Eliza Bourgault - Musician

Music to transform the world 


Setting up a functional music practice room

Posted by Eliza Bourgault du Coudray on April 13, 2019 at 11:00 PM

We've all heard the old adage that "practice makes perfect" but have you ever considered how the environment may affect your practice? Is your music room promoting productive practice habits or is stopping you in your tracks? In this article I offer a few basic tips on how to organise and set up your practice room to optimise your environment for music practice.

1. Have an actual music room

For some, this can be easier said than done. The basic idea behind this is that you are creating physical boundaries for where the music practice takes place. Once you walk in, you should go into practice mode. When you walk out, you can do whatever you like. Ensuring you only have music-related items in the room will help minimise non-musical distractions.

2. Make sure there is enough light

Don't make "it's too dark to see the music!" an excuse for not practising. Ensure you have enough light to see properly as you don't want to strain your eyes.

3. Make sure the room is neither too cold nor too stuffy

If the room is too cold you might find that your fingers don't move with as much ease and flexibility as usual (you might need to spend some more time warming up). If the room is too hot that could also cause issues. Having windows, a heater, fan or air-con to regulate the temperature of the room is excellent. Ideally the temperature of the room should be fairly constant for the instruments anyway.

4. Devise an organised way of putting away your music

There is nothing more annoying than having to spend 20minutes looking for a piece of music! For the budding musician, this may not be an issue. However more advanced musicians who have collected a stack of music from years of learning will benefit greatly from finding a way to file away music. I put away my music books in cardboard boxes. I have boxes for grades 1-3 music; grades 4-6 music; advanced grades; technical work; aural & theory; & wedding music. This is just an idea. You could organise your music in alphabetical order by the name of the composer, as long as you can remember the composer's name!

5. Have pencils & erasers handy

Again this is something that may sound insignificant but can make a huge difference. We might need to notate something on the music - fingering, timing, expression markings, pedal diagrams. But if we have nothing to write these in, there is the possibility we might just stop to practice because we can't be bothered getting a pencil. By having a few pencils around the music room, this issue is solved! Other items I highly recommend are: eraser, sharpener (unless you use a mechanical pencil), coloured pencils if you like to use colour. Avoid using pens as pen markings are difficult to remove. A ruler is also handy if you photocopy music and the staff has been cut off at the edges.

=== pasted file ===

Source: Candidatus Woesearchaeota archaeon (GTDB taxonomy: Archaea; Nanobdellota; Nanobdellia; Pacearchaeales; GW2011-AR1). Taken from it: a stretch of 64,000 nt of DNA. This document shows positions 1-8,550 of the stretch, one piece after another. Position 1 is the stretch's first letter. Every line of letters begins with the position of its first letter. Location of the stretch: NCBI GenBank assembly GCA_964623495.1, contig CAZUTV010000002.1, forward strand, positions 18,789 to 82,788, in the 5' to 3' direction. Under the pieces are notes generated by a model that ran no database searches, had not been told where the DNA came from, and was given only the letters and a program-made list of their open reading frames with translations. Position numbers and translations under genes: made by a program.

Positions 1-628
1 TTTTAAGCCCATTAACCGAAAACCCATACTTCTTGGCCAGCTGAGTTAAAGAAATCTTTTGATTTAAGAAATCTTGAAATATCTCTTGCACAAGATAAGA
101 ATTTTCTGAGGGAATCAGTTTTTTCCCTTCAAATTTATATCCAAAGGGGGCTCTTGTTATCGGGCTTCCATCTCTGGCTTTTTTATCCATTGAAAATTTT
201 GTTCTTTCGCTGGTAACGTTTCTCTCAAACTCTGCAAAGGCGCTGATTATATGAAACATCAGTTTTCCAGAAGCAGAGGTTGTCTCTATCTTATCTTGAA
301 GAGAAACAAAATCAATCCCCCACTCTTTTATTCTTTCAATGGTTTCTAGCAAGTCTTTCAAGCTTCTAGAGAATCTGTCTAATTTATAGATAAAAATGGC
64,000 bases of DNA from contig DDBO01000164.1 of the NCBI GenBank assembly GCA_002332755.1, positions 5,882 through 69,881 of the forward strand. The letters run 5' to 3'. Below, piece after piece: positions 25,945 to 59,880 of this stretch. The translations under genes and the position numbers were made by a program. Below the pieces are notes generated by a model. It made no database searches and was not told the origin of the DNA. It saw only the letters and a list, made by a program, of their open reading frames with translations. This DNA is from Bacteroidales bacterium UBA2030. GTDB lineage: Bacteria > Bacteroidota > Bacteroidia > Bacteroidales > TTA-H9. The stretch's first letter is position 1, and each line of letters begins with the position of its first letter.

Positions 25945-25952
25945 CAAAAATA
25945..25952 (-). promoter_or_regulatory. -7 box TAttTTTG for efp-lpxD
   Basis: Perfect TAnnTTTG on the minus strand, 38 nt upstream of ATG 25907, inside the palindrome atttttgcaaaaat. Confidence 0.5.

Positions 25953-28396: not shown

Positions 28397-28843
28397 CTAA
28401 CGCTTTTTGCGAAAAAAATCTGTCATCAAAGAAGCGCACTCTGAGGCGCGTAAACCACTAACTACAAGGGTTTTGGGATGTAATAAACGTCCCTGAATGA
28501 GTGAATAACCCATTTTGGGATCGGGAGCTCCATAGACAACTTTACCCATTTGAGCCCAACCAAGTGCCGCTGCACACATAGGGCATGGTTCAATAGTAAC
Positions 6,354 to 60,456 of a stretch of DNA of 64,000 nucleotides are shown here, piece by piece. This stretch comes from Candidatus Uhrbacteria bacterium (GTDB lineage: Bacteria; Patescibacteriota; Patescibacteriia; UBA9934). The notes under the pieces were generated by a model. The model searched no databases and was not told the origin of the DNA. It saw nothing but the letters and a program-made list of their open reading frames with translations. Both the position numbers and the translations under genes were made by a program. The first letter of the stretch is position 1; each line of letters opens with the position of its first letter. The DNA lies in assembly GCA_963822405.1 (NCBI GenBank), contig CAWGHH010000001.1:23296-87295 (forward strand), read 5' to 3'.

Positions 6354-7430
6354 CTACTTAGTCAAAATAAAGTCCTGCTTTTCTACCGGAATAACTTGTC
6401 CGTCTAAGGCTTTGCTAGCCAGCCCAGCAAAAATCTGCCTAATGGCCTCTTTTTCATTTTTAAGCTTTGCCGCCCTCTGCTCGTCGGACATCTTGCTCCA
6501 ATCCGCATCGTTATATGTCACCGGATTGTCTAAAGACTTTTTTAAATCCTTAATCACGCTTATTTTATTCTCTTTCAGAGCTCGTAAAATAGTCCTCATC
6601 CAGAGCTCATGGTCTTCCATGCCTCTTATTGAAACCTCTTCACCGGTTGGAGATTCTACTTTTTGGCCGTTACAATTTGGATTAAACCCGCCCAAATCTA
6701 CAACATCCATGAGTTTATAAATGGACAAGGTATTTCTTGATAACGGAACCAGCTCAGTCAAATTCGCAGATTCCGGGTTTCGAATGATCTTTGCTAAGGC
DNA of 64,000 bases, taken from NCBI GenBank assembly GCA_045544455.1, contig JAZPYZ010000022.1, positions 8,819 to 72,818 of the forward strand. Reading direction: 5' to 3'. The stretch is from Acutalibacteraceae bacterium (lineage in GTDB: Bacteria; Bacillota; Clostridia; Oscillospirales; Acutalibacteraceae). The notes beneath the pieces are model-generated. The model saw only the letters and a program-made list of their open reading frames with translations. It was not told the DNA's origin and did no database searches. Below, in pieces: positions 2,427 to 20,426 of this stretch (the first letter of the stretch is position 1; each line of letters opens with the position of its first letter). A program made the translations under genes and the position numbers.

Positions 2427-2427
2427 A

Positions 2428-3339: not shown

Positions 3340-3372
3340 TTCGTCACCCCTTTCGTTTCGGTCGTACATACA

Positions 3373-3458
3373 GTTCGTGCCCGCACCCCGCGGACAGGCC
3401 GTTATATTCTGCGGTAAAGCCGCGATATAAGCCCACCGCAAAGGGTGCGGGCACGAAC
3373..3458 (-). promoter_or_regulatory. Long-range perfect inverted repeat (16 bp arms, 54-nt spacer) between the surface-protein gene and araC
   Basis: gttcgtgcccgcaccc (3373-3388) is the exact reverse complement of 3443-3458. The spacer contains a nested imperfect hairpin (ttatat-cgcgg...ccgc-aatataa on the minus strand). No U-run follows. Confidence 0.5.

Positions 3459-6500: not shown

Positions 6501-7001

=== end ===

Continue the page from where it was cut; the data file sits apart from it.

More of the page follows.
6. Make sure your chair is appropriate to your height & instrument

This is crucial for good posture and making sure we don't injure ourselves. If you sit too low at the harp, the harp will weigh a tonne on your body. Having an adjustable chair is the best way to go so that you can adjust the height of the chair as you grow.

7. Have all tuning equipment close by.

Similarly to having pencils handy, you want to be able to have your tuning equipment (tuning key, chromatic tuner) close by so that if you notice your harp is really out of tune and it is putting you off, it will only take a short moment to fix it. So the good old "out of tune" excuse doesn't work!

8. Keep your notebook from your lessons open on your music stand/piano.

Forgot what your homework was? It should be written in your lesson notebook. Keeping it open ensures you check you are getting the set homework completed.

9. Invest in a metronome

Eventually you might be required to do a bit of practice with a metronome, a musician's best friend and worst enemy! Metronomes help us to play in time and not rush or slow down. It helps us identify areas in our pieces where we hesitate. It doesn't mean all your practice should be done with a metronome but it is a useful tool especially in the lead up to performances. Investing in a metronome is therefore a good idea. You can either buy one from a local music store, order one online, or these days you can download metronome apps. Google also has a metronome, so there are a lot of free options.

10. Avoid distractions

So that means: turn off mobile phones, turn down (or off) the tv. Anything that can ring will make it that much more difficult to focus.

I hope these 10 tips help! If you try some or all of these out, I'd love to hear if you notice any difference in your practice!

Categories: Teaching & music education

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